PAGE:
Subscribe to our free, weekly email newsletter!

Global logistics rents to grow more than 5 percent annually, says Prologis

By Patrick Burnson, Executive Editor
October 17, 2013

Prologis Inc., a leading global owner, operator and developer of industrial real estate, recently published an in-depth analysis of global rents for logistics facilities in a paper titled “Entering the Sweet Spot in the Cycle for Logistics Real Estate: An Extended Rental Rate Expansion.”

In the report, the company’s research team estimates overall rents will grow by more than 5 percent per year from 2014 to 2017, reaching a total increase of 20 to 25 percent during the four-year period. This outlook is supported by a trend in structural drivers and a recovery in operating fundamentals.

“Rents today still don’t broadly support new construction, but tightening vacancy rates are reversing that dynamic,” says Chris Caton, vice president and head, Prologis Research.  “In addition, as replacement costs rise with global economic expansion, we expect the rent required to justify new construction to rise in kind and lead to an extended period of pronounced rent increases, particularly in cyclical recovery global markets in the U.S. and Europe.”

Rent forecasting involves the consideration of many components, adds Caton. According to the report, rents in the largest markets – the U.S. and Europe – do not yet support broad based construction and rents will continue to increase.

Structural drivers such as construction costs, land values and cap rates must be weighed against cyclical vacancy trends to determine rent growth.

As replacement costs rise as the global economic expansion takes hold, Prologis expects the rent required to justify new construction to rise in kind. Caton said in an interview that supply chain managers may begin “locking in” long-term leases as a consequence.

“This dynamic should limit the pace of new development, leading to an extended period of pronounced rent increases, particularly in our cyclical recovery markets in the U.S. and Europe,” says Caton. 

Furthermore, Prologis expects stronger pricing power due to very tight operating metrics in China and a higher inflation factor in Brazil.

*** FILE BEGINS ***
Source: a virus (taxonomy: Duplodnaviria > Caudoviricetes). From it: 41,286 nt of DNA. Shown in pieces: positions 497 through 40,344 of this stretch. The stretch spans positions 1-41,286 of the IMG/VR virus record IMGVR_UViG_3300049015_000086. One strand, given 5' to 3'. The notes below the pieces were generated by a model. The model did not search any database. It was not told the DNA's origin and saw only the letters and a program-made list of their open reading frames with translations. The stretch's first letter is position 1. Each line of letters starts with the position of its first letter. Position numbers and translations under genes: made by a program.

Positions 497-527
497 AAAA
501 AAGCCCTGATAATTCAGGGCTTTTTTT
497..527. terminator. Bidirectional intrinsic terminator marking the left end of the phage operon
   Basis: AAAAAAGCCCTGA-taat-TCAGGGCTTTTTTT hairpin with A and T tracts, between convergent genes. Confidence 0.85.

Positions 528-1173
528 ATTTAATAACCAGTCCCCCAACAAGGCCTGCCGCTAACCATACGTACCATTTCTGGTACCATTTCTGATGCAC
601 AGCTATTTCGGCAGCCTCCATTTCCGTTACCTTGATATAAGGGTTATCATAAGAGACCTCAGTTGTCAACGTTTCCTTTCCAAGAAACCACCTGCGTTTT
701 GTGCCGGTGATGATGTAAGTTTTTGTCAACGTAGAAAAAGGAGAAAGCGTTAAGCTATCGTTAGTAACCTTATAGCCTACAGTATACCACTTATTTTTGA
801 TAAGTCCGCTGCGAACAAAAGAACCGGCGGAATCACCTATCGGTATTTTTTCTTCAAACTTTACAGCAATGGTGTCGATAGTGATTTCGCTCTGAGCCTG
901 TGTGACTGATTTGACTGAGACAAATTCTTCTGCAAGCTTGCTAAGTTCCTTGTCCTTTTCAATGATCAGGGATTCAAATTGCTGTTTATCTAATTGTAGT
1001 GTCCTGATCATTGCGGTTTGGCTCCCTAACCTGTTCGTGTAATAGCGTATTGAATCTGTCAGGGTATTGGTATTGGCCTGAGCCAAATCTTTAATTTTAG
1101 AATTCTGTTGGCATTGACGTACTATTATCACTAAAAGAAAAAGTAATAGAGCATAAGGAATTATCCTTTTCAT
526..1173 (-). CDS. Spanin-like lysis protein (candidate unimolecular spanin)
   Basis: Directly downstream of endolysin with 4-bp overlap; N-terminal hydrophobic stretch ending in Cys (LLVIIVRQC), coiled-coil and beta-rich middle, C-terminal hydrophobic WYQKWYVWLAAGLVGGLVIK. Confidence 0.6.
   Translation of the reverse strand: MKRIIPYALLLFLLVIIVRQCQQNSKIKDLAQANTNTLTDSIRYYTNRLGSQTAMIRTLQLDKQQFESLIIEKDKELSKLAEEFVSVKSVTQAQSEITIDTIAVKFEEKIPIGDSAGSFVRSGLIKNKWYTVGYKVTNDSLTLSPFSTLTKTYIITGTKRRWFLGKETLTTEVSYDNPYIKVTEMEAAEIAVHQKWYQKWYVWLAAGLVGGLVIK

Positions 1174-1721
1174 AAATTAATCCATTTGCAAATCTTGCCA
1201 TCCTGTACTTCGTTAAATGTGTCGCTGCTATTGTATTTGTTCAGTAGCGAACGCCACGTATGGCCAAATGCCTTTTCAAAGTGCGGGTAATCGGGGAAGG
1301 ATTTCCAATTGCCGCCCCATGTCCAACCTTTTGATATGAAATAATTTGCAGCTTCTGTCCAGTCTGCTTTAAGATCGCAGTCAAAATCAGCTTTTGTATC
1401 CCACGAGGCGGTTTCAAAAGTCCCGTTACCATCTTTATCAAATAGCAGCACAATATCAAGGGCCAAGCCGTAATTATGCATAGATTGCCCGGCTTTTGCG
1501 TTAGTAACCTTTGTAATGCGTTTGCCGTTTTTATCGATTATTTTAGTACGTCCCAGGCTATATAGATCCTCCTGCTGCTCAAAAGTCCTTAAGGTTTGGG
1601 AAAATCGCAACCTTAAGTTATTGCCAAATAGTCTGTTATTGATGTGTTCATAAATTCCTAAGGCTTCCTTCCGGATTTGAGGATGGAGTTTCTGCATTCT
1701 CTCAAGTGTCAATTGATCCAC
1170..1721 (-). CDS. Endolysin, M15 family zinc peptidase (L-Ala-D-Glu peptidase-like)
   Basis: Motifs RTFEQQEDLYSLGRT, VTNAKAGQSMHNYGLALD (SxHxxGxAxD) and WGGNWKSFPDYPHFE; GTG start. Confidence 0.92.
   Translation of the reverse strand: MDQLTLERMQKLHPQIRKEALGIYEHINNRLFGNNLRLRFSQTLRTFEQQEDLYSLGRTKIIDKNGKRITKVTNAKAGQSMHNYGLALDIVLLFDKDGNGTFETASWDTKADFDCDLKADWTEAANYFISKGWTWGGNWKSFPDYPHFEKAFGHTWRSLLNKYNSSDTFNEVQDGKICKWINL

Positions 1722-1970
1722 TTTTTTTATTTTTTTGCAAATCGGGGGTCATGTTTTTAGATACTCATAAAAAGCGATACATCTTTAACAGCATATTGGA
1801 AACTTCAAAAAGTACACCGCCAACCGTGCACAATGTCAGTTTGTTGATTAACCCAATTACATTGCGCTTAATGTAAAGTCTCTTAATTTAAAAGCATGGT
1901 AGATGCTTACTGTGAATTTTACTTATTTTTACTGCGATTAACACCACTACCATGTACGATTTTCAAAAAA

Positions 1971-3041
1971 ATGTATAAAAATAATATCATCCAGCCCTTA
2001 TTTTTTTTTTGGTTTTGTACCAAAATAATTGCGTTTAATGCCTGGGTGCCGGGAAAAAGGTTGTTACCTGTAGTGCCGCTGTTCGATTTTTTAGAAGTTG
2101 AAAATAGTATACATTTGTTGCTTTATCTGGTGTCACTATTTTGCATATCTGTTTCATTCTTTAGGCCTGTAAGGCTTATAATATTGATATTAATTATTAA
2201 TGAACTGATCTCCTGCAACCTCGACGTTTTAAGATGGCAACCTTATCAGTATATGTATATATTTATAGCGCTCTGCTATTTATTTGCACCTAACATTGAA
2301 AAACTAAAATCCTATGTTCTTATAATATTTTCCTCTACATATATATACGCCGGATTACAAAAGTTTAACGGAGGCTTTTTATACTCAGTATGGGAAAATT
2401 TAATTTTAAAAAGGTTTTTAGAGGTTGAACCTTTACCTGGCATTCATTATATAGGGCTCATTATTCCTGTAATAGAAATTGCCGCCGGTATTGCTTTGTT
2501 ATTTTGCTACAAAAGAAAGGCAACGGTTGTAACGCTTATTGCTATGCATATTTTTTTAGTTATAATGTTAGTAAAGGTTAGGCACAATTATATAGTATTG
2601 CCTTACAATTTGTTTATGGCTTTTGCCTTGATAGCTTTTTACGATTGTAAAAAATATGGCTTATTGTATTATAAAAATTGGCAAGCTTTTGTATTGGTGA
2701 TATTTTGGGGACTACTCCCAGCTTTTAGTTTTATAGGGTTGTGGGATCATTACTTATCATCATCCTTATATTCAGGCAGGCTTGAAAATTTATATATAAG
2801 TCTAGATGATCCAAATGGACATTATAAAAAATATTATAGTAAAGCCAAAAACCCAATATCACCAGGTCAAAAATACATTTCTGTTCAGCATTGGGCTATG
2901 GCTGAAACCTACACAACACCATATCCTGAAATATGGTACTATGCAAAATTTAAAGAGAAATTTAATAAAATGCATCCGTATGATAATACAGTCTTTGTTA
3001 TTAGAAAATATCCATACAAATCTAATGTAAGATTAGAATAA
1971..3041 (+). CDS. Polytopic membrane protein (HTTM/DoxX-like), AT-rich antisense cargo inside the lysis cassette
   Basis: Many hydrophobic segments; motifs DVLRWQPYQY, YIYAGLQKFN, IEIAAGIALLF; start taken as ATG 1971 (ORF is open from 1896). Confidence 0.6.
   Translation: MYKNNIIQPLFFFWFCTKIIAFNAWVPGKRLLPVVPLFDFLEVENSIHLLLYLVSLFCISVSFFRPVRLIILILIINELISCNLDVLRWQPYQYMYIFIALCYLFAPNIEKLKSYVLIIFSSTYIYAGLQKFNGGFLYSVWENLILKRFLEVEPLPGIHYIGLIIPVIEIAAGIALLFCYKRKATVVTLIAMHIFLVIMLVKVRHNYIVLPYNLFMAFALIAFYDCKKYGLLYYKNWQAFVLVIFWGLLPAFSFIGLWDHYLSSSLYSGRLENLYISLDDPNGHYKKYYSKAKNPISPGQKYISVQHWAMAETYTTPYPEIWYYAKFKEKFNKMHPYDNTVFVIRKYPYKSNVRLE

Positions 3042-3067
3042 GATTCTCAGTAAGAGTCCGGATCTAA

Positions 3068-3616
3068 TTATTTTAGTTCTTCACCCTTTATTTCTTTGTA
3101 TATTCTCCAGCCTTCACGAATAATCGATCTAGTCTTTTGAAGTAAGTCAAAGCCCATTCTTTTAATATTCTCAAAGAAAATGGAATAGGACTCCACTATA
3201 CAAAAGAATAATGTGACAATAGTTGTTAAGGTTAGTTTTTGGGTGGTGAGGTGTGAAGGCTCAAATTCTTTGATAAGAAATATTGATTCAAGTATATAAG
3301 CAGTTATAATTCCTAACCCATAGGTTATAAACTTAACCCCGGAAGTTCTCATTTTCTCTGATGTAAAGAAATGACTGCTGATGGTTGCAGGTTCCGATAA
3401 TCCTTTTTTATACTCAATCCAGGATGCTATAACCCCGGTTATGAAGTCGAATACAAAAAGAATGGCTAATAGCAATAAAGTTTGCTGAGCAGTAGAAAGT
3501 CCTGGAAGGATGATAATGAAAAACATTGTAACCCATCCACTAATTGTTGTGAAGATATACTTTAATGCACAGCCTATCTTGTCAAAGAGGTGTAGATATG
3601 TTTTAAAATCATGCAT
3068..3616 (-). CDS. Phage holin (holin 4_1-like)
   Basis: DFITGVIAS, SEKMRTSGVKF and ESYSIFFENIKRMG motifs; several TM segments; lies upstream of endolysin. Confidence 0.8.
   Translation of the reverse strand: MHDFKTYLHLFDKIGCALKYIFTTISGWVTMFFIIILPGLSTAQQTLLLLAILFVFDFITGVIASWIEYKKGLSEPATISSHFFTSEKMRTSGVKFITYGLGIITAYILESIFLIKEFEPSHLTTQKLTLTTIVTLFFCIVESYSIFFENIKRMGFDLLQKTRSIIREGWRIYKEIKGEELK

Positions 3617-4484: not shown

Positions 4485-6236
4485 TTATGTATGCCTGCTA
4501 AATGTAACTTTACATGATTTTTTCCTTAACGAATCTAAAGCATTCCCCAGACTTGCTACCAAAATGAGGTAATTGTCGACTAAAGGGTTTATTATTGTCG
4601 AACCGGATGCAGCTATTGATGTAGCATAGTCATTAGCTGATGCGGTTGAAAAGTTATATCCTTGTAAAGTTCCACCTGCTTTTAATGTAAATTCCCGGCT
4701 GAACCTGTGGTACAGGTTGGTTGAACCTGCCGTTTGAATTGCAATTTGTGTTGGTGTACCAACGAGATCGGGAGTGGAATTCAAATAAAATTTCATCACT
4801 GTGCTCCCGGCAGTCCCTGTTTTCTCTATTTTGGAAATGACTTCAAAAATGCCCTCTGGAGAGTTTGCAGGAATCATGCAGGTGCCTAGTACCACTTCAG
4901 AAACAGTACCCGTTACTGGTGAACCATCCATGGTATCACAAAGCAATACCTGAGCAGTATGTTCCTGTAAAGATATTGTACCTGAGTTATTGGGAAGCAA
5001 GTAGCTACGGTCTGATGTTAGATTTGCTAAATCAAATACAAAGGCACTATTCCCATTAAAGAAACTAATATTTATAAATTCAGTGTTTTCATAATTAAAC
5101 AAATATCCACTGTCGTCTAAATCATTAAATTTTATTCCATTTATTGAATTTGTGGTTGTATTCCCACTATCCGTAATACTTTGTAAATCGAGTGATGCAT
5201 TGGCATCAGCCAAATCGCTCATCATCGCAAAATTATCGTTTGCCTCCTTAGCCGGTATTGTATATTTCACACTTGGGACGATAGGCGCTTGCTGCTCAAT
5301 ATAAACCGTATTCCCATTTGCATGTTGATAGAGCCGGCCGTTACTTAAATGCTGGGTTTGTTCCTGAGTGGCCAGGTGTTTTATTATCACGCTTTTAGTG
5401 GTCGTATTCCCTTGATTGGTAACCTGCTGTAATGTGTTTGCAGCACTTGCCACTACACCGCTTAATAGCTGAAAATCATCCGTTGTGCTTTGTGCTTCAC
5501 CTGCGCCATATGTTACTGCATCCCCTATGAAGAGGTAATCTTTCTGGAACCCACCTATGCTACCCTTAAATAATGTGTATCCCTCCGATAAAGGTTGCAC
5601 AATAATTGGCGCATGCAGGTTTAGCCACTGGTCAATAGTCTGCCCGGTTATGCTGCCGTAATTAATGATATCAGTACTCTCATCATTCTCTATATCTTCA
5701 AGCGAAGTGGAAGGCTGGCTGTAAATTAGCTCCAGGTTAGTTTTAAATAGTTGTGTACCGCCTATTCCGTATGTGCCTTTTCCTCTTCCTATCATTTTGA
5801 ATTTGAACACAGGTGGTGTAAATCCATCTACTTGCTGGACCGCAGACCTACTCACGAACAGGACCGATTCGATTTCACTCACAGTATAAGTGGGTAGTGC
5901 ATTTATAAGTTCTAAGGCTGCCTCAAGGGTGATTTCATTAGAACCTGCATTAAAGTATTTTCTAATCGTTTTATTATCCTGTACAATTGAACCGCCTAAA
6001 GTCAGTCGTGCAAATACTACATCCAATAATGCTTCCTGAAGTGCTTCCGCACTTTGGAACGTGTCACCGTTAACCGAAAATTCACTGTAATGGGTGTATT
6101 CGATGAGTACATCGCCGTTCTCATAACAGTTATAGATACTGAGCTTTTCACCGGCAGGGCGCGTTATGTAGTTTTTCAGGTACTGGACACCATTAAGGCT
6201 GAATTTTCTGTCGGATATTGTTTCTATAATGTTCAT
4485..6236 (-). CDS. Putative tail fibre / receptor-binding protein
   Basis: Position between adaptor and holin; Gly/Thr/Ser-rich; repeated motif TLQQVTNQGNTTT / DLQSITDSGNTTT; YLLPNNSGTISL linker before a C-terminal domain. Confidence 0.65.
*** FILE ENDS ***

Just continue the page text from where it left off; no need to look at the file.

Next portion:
About the Author

Patrick Burnson
Executive Editor

Patrick Burnson is executive editor for Logistics Management and Supply Chain Management Review magazines and web sites. Patrick is a widely-published writer and editor who has spent most of his career covering international trade, global logistics, and supply chain management. He lives and works in San Francisco, providing readers with a Pacific Rim perspective on industry trends and forecasts. You can reach him directly at .(JavaScript must be enabled to view this email address).

Subscribe to Logistics Management magazine

Subscribe today. It's FREE!
Get timely insider information that you can use to better manage your
entire logistics operation.
Start your FREE subscription today!

Recent Entries

Seasonally-adjusted (SA) for-hire truck tonnage in October at 135.7 (2000=100) was up 1.9 percent compared to September’s 133.1, and the ATA’s not seasonally-adjusted (NSA) index, which represents the change in tonnage actually hauled by fleets before any seasonal adjustment was 139.8 in October, which was 0.9 percent ahead of September.

The average price per gallon of diesel gasoline fell 3.7 cents to $2.445 per gallon, according to data issued today by the Department of Energy’s Energy Information Administration (EIA). This marks the lowest weekly price for diesel since June 1, 2009, when it was at $2.352 per gallon.

In its report, entitled “Grey is the new Black,” JLL takes a close look at supply chain-related trends that can influence retailers’ approaches to Black Friday.

This year, it's all about the digital supply network. In this virtual conference, we will define the challenges currently facing supply chain organizations and offer solutions designed to transform linear operations into dynamic, automated networks that offer seamless communication, visibility, and the ability to respond and optimize processes at any given time.

In his opening comments assessing the economy at last week’s RailTrends conference hosted by Progressive Railroading magazine and independent railroad analyst Tony Hatch, FTR Senior analyst Larry Gross said the economy continues to slog ahead at a relatively tepid pace, coupled with some volatility in terms of overall GDP growth. And amid that slogging, Gross said there is currently an economic hand-off occurring between the industrial sector and the consumer sector.

Article Topics

News · ProLogis · All topics


Post a comment
Commenting is not available in this channel entry.

© Copyright 2015 Peerless Media LLC, a division of EH Publishing, Inc • 111 Speen Street, Ste 200, Framingham, MA 01701 USA